#include <windows.h> #include "beacon.h"
void go(char * args, int alen) {
BeaconPrintf(CALLBACK_OUTPUT, "Hello World: %s", args);

Download beacon.h.

To compile it using Visual Studio:

cl.exe /c /GS- hello.c /Fohello.o

To compile it with x86 MinGW:

i686-w64-mingw32-gcc -c hello.c -o hello.o

To compile it with x64 MinGW:

x86_64-w64-mingw32-gcc -c hello.c -o hello.o

The above commands create the hello.o file. Use inline-execute in Beacon to run the converter.

маяк> inline-execute /путь/до/hello.o аргументи

beacon.h contains definitions for several internal Beacon APIs. The go function is similar to the main function in any other C program. It is a function that is called from inline-execute and arguments are passed to it. BeaconOutput is a Beacon API function to send output to the operator. There is nothing special about it.

Resolution of the dynamic function

GetProcAddress, LoadLibraryA, GetModuleHandle, and FreeLibrary are available in BOF files. You have the option of using them to resolve the Win32 API functions you want to call. Another option is to use dynamic feature resolution (DFR).

Dynamic function resolution is a convention of declaring and calling the Win32 API as a LIBRARY$ function. This agreement provides Beacon with the information it needs to explicitly allow a certain feature and provide access to your converter file before it runs. If this process fails, Cobalt Strike will refuse to run the converter and tell you which function it failed to remove.

Below is an example of a converter that uses DFR and gets the current domain:

#include <windows.h> #include <stdio.h> #include <dsgetdc.h> #include "beacon.h"


void go(char * args, int alen) { DWORD dwRet;

dwRet = NETAPI32$DsGetDcNameA(NULL, NULL, NULL, NULL, 0, &pdcInfo); if (ERROR_SUCCESS == dwRet) {
BeaconPrintf(CALLBACK_OUTPUT, "%s", pdcInfo->DomainName);


The above code makes DFR calls to DsGetDcNameA and NetApiBufferFree from NETAPI32. When you declare function prototypes to dynamically resolve functions, pay special attention to the decorators added to the function declaration. Keywords like WINAPI and DECLSPEC_ IMPORT are very important. These decorators give the compiler the necessary hints to pass arguments and generate the correct instruction to call.

Aggressor scenario and converters

You’ll probably want to use Aggressor Script to run your final BOF implementations in Cobalt Strike. BOF is a good tool for implementing a lateral movement technique, a privilege escalation tool, or a new research opportunity. The &beacon_inline_execute function is the entry point of the aggressor script to run the Oxygen Converter file.

Here is the script to run a simple Hello World application:

alias hello {
local('$barch $handle $data $args');

# Визначення архітектури цієї сесії
$barch = барч ($1);

# читання з потрібного киснево-конвертерного файлу
$handle = openf(script_resource("привіт. $+ $barch $+ .o"));
$data	= readb($handle, -1);  closef($handle);

# Пакуємо наші аргументи
$args	= bof_pack($1, "zi", "Hello World", 1234);

# Оголошення про те, що ми робимо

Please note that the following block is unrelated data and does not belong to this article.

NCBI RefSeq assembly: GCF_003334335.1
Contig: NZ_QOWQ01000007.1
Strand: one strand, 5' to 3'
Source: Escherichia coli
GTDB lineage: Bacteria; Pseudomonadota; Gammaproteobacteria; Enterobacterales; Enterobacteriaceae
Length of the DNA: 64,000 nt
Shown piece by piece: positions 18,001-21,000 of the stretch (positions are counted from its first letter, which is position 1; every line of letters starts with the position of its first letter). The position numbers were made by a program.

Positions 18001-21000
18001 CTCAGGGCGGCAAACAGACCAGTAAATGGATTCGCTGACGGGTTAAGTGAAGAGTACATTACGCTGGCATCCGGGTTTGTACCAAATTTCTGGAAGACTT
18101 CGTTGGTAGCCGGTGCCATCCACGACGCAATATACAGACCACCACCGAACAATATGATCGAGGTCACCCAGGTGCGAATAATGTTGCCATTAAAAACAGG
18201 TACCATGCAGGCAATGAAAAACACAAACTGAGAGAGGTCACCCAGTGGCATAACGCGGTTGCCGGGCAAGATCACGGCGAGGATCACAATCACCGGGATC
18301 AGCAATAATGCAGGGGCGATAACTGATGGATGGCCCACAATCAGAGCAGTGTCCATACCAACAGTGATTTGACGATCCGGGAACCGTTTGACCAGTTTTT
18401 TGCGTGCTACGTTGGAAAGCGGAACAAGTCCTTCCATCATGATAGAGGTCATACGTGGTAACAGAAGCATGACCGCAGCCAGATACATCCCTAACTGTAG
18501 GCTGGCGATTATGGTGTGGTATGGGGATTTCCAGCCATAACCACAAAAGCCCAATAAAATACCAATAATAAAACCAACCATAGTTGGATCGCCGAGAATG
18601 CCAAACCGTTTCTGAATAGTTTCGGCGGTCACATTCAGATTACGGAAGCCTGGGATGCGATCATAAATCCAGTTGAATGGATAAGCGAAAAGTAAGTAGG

btask($1, «Біг Hello BOF»);

# Страта
beacon_inline_execute($1, $data, "демо", $args);

First, the script defines the session architecture. x86 BOF will only work in an x86 beacon session. Conversely, x64 BOF will only work in an x64 beacon session. This script then reads the target BOF into the aggressor’s script variable. The next step is to package our arguments. The &bof_pack function  packs the arguments in a way that is compatible with Beacon’s internal data parser API. This script uses the normal &btask function to log actions that the user has entrusted to Beacon. A &beacon_inline_execute runs a BOF with its arguments.

The &beacon_inline_execute function takes the beacon ID as the first argument, a string containing the contents of the BOF as the second argument, the entry point as the third argument, and the packed arguments as the fourth argument. The option of choosing an entry point exists in case you decide to combine similar functions in one converter.

Below is the C program that corresponds to the above scenario:

1.	Компіляція за допомогою:
1.	x86_64-w64-mingw32-gcc -c hello.c -o hello.x64.o
2.	i686-w64-mingw32-gcc -c hello.c -o hello.x86.o
#include <windows.h> #include <stdio.h> #include <tlhelp32.h> #include "beacon.h"
void demo(char * args, int length) { datap parser;
char * str_arg;
int num arg;
BeaconDataParse(&parser, args, length); str_arg = BeaconDataExtract(&parser, NULL); num_arg = BeaconDataInt(&parser);

BeaconPrintf(CALLBACK_OUTPUT, "Message is %s with %d arg", str_arg, num_arg);

The demo feature is our entry point. Declare the datap structure on the stack. This is an empty and uninitialized structure with state information to receive arguments prepared with &bof_pack. BeaconDataParse initializes our parser. BeaconDataExtract extracts a binary block of specified length from our arguments. Our packing function has the ability to pack binary blocks as strings with a terminal null encoded in the default session character set, a string with a wide character and a terminal null, or a binary block without conversion. BeaconDataInt gets the integer packed into our arguments. BeaconPrintf is one way to format the output and provide it to the operator.